I graduated from Templeton high school in 2003. Of all the people I grew up with in East Vancouver, I know of only two that have managed to buy houses in the neighbourhood. One was hit by a car and used the insurance settlement to make a down payment. The other is a professional sports player. The rest of us have given up. Our parents, meanwhile, have all become rich, at least on paper, but many realize that equity means moving away from kids and grandkids or competing with them for condos. These boomers have grown to fear anything that might hurt their land values: halfway houses, transit hubs, condo towers. Or, god forbid, if the bubble pops.
Politicians appear to be similarly reluctant to admit that the province has become dangerously dependent on real-estate valuations. From the high rhetoric reserved for fracking, forestry, and the exploitation of other natural resources, you’d think they were the mighty engine driving the economy. On the contrary: natural resources now provide just two per cent of jobs and eight per cent of B.C.’s GDP, according to Statistics Canada. On the other hand, real estate and construction together make up 11 per cent of jobs and 26 per cent of GDP: more than triple the size of the resource sector.
The provincial government has gambled that if enough people see their home value climb, they’ll be too grateful to ask where the money’s coming from—hence the refusal to regulate foreign investment, or take any steps that might cool the market. Worse, white politicians are now playing the race card to shut down debate. “I do worry about the heightened anxiety about foreigners versus locals that we particularly feel in Vancouver. I don’t think it’s healthy,” Premier Christy Clark told the Vancouver Sun last week. “This is a country of immigrants and last year we apologized for the treatment of Chinese immigrants.”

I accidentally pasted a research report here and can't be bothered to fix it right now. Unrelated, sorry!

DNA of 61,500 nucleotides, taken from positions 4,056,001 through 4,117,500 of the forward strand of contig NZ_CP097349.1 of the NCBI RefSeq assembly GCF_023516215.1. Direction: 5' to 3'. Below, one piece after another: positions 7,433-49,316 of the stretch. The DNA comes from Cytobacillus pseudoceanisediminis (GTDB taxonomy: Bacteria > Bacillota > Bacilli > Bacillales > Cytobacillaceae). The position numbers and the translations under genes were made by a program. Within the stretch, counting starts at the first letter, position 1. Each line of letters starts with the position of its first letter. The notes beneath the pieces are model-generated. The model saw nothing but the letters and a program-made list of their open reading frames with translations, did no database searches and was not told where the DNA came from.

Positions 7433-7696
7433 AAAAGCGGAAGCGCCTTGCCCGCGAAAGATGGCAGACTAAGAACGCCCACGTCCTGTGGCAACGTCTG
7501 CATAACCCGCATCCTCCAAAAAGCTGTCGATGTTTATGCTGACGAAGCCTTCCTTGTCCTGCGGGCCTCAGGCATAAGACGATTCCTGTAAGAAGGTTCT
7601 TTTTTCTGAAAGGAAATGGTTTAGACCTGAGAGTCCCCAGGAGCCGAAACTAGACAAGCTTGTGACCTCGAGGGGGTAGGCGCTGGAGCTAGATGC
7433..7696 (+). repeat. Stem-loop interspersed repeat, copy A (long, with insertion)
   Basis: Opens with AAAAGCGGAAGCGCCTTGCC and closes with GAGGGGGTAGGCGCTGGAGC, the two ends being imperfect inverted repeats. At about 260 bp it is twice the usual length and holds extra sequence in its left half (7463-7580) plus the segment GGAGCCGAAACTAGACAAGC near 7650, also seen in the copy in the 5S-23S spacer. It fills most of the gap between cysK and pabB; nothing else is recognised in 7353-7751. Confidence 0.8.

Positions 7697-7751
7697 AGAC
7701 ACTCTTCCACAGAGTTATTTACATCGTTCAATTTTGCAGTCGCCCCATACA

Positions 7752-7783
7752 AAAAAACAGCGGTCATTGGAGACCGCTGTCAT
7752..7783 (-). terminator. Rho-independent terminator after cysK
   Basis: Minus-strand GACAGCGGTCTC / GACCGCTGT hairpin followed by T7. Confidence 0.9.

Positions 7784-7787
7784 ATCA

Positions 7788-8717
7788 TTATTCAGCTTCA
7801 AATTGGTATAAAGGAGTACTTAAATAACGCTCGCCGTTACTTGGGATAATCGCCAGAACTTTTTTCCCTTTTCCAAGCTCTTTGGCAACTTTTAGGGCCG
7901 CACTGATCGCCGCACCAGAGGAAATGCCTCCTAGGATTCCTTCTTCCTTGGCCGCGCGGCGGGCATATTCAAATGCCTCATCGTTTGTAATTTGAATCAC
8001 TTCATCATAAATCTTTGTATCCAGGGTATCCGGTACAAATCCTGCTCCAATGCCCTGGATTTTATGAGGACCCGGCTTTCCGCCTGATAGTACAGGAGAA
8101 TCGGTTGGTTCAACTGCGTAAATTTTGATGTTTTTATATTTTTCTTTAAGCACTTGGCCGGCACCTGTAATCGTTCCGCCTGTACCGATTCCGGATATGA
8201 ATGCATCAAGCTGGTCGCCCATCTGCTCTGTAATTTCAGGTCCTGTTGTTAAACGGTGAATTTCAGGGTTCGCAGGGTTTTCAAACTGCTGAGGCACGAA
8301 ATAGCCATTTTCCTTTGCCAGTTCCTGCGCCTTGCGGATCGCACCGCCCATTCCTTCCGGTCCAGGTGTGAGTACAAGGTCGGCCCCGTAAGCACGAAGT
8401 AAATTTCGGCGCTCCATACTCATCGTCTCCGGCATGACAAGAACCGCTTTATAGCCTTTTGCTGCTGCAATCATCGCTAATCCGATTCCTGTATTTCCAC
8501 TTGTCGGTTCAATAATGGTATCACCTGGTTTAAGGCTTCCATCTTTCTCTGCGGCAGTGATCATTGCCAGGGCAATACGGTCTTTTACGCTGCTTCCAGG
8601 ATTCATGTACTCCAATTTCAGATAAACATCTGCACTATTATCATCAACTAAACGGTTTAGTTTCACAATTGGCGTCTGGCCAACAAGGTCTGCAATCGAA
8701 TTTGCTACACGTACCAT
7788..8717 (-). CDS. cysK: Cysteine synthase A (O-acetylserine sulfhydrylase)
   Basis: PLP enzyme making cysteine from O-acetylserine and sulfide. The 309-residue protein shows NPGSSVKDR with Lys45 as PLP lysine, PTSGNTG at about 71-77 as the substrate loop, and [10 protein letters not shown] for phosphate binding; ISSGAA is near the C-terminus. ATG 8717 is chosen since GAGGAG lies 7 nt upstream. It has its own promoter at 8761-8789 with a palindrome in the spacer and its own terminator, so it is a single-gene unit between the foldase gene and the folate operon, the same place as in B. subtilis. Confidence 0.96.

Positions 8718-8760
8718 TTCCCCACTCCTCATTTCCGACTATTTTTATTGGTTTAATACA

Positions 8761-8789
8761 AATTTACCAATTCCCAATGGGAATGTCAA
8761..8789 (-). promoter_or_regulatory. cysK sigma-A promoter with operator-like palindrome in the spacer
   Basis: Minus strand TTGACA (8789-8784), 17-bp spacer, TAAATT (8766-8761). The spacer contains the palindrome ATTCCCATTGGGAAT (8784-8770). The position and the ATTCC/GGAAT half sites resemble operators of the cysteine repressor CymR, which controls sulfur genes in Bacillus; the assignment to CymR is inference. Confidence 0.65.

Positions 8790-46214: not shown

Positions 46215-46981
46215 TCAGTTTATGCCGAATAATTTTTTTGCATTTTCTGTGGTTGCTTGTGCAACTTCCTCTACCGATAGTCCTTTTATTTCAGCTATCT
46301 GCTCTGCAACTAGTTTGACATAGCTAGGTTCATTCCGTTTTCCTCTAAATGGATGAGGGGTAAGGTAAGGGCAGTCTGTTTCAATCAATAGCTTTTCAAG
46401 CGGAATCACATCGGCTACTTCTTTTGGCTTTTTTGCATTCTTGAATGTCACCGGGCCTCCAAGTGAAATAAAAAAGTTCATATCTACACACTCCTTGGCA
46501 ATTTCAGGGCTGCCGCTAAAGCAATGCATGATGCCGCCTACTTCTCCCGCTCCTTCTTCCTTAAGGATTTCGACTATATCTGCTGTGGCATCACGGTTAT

Ironically, one Chinese-Canadian researcher whose own family paid the head tax found himself charged with “racist tones” by another politician, Vancouver mayor Gregor Robertson. Andy Yan’s crime was to publish a study that found two thirds of West Side homebuyers had non-Anglicized Chinese names. Is that relevant? Who knows—but until then, no level of government had been tracking who bought what. What we do know, I think, is that this head-in-the-sand approach by policymakers is only making the problem worse. In the absence of data, people are left to form half-baked theories based on prejudice and innuendo. Driving the debate underground only ensures that its eruption will be all the uglier. How long until a victim of this deregulated torrent of capital decides to take out their frustration on a neighbour?
Do we expect the least-educated, most economically precarious people in this city—like the workers who rioted in 1907—to stop, apply a Marxist class analysis, and then link arms with their non-Anglicized Chinese neighbours to defeat the neoliberal agenda? Unlikely. If history is any indication, people will just start punching each other. And like my great-grandfather, anyone Asian-looking will feel the same pang of dread. But when that pot finally boils over, don’t blame the water. Blame the politicians who left the stove on.
Kai Nagata is a fourth-generation Vancouverite. He works at Dogwood Initiative, where he daydreams about building a cabin far, far away.